Fantasy Articles

Adam Dunn? Gone. Ken Griffey Jr.? Gone. Aaron Harang? Fell of a cliff. While the big names have left Cincinnati, there are still many guys that can help your team. Tony Meale even find a top tier player on the Dusty Baker's team.

Top Tier

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This Red carries a big stick. Unfortunately, he is ineligible.
Photo by Sonnet, used under creative commons license.
Brandon Phillips (2B): Phillips is easily one of the top five two-baggers in the league, and given the uncertainty surrounding the health of Chase Utley and the legitimacy of Ian Kinsler, Phillips becomes even more valuable. A 30-30 man in 2007, Phillips’ season was cut short last year with a broken finger, but he still managed 21 homers and 23 stolen bases in 141 games. Now that he will bat fourth for the Reds’ new small-ball lineup, 30-30 is again a real possibility. It’s a shame that there isn’t a stat category for “ridiculously sweet defensive play,” because the defending Gold Glover would lead the league in that area. Still, he’s Brian Roberts with power and Dan Uggla with speed. If Phillips is still available in the third round, consider yourself lucky and grab him.

Second Tier


Edinson Volquez (SP): Volquez (17 wins, 3.21 ERA and 206 strikeouts) was the ace of the Reds’ staff least season and the team’s lone All-Star, but he regressed a bit after the break (12-3 and 2.29 before and 5-3 and 4.60 after). The real Volquez probably lies somewhere in between. He’s a legit fantasy SP-3 with SP-2 potential.

Francisco Cordero (CL): Closer Francisco Cordero notched 34 saves with a 3.33 ERA last season, and he had more strikeouts than Jonathan Papelbon. Cordero’s WHIP (1.41) could be better, but he’s a consistent performer with 40-save potential.

Third Tier

The Reds have several third-tier guys who, by season’s end, could be second-tier or first-tier players; among them are Aaron Harang, Joey Votto and Jay Bruce.

Aaron Harang  (SP): No one could have predicted Harang’s abysmal performance in 2008. From 2006 to 2007, Harang was on of the most consistent starters in fantasy baseball, posting good win and strikeout totals (an average of 16 wins and 217 Ks per year). Harang lost 25 pounds in the off-season, and, at only 30, should have plenty of gas left in the tank. The Reds have confidently named him their ace and Opening Day starter for a fourth consecutive year, and if he comes anywhere close to his totals in 2006 and 2007, Harang will be a steal.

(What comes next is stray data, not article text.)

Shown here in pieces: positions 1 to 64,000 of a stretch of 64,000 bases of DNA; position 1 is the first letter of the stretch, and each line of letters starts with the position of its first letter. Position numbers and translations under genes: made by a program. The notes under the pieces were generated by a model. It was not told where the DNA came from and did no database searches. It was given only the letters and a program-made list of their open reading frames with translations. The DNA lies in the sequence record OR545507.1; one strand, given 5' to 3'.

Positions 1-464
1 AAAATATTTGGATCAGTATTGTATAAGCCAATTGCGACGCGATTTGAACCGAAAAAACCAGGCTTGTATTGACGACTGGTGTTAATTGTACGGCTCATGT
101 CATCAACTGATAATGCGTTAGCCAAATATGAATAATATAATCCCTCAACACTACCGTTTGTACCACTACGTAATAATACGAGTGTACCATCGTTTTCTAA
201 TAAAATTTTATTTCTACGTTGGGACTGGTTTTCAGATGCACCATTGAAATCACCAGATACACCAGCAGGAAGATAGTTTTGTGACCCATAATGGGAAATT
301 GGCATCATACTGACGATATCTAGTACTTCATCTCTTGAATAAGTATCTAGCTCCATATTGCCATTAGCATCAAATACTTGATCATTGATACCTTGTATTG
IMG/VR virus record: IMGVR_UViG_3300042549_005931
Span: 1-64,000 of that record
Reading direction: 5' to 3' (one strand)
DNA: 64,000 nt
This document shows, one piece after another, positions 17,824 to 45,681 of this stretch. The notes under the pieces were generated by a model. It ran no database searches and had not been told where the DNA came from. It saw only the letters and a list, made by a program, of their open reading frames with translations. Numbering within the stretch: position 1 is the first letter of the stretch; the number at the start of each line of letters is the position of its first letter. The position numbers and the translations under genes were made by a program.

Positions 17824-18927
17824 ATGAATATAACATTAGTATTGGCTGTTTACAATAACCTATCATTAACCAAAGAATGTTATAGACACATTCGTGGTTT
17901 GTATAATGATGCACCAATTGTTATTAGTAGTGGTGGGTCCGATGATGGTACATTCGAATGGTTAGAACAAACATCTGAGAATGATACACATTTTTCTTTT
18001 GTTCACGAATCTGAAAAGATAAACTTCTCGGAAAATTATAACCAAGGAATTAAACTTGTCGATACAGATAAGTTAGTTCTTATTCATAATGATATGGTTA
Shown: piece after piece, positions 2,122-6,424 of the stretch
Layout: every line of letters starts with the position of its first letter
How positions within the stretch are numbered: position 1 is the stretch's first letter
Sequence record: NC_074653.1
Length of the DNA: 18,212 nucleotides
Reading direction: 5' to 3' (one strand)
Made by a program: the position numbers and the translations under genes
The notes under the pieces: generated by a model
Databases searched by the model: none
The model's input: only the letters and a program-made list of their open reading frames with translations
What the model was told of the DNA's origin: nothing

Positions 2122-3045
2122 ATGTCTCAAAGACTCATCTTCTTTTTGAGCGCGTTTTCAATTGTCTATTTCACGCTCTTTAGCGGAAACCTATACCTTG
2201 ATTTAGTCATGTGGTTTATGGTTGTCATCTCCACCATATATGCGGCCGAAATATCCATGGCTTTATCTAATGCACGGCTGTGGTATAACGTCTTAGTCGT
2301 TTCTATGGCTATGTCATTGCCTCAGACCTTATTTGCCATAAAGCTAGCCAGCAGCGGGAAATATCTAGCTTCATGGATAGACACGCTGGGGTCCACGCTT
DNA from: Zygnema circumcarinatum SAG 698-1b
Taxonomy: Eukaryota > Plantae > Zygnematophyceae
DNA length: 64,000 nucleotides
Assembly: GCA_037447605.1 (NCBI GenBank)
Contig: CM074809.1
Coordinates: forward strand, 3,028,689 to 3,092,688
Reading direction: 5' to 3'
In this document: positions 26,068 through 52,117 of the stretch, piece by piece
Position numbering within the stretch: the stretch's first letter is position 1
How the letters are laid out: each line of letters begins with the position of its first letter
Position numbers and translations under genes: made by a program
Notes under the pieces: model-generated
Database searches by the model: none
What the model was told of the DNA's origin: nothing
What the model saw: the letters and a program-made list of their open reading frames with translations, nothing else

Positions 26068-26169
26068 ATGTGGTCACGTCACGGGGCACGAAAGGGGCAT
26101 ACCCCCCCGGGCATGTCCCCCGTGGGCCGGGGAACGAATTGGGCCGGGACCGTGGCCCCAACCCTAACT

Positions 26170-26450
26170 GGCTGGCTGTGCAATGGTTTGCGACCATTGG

Joey Votto (1B), Jay Bruce (OF): Joey Votto (24 homers last year) and Jay Bruce (21 homers in 108 games) enter the season under the radar, but anything less than 30 homers and 100 RBI from either one would be a disappointment -- at least, according to management. Nevertheless, the upside is there, and both of these guys are great value picks in the mid-late rounds. When faced with the dilemma of drafting Votto or Bruce over the likes of Carlos Delgado or Jason Giambi, well, there’s really no dilemma at all.

Question Mark

Willy Tavares (OF): In 133 games last year, Willy Tavares hit .251 with one homer, 26 RBI and 64 runs scored. The only reason he is remotely fantasy relevant is steals (he led all of baseball last season with 68). The power and RBI totals will never be there, but if Tavares can bump his average to the .300 range -- he hit .320 in 97 games with Colorado in 2007 -- and stay healthy, he could easily score 100 runs. Plus, Reds manager Dusty Baker wants Tavares to run even more this year, so 70-plus stolen bases is a real possibility. Even if Tavares can’t improve in any other category, he can single-handedly put you at -- or near -- the top of your league in stolen base totals. It’s hard to pass that up in the late rounds.

Sleeper

Jerry Hairston Jr. (2B, SS, OF): When healthy, Jerry Hairston Jr. is a good all-around player. In just 80 games last year, he hit .326 with six homers, 36 RBI, 47 runs and 15 stolen bases. Over a full season, his numbers would translate roughly to .325/10/70/90/30. Plus, he’s eligible at second, short and in the outfield. The only problem is Hairston, 32, has played only one full season in his career, and that was in 2001; in fact, he hasn’t played in more than 100 games since 2005 when he was a Chicago Cub. Still, no one can deny his value when healthy. Consider using your last-round pick on him and plug him into any holes that open in your lineup throughout the year.

Prospect Watch

Homer Bailey (SP): Once deemed the top pitching prospect in all of baseball, Homer Bailey was called up in 2007 and 2008 and clearly wasn’t ready either time. Last season the righty went 0-6 with a 7.93 ERA and posted a WHIP of 2.09.

Still, Bailey is only 23. And while he’ll start the season in the minors, don’t be surprised if he comes up in case of an injury. At some point, the talent just has to come together, doesn’t it?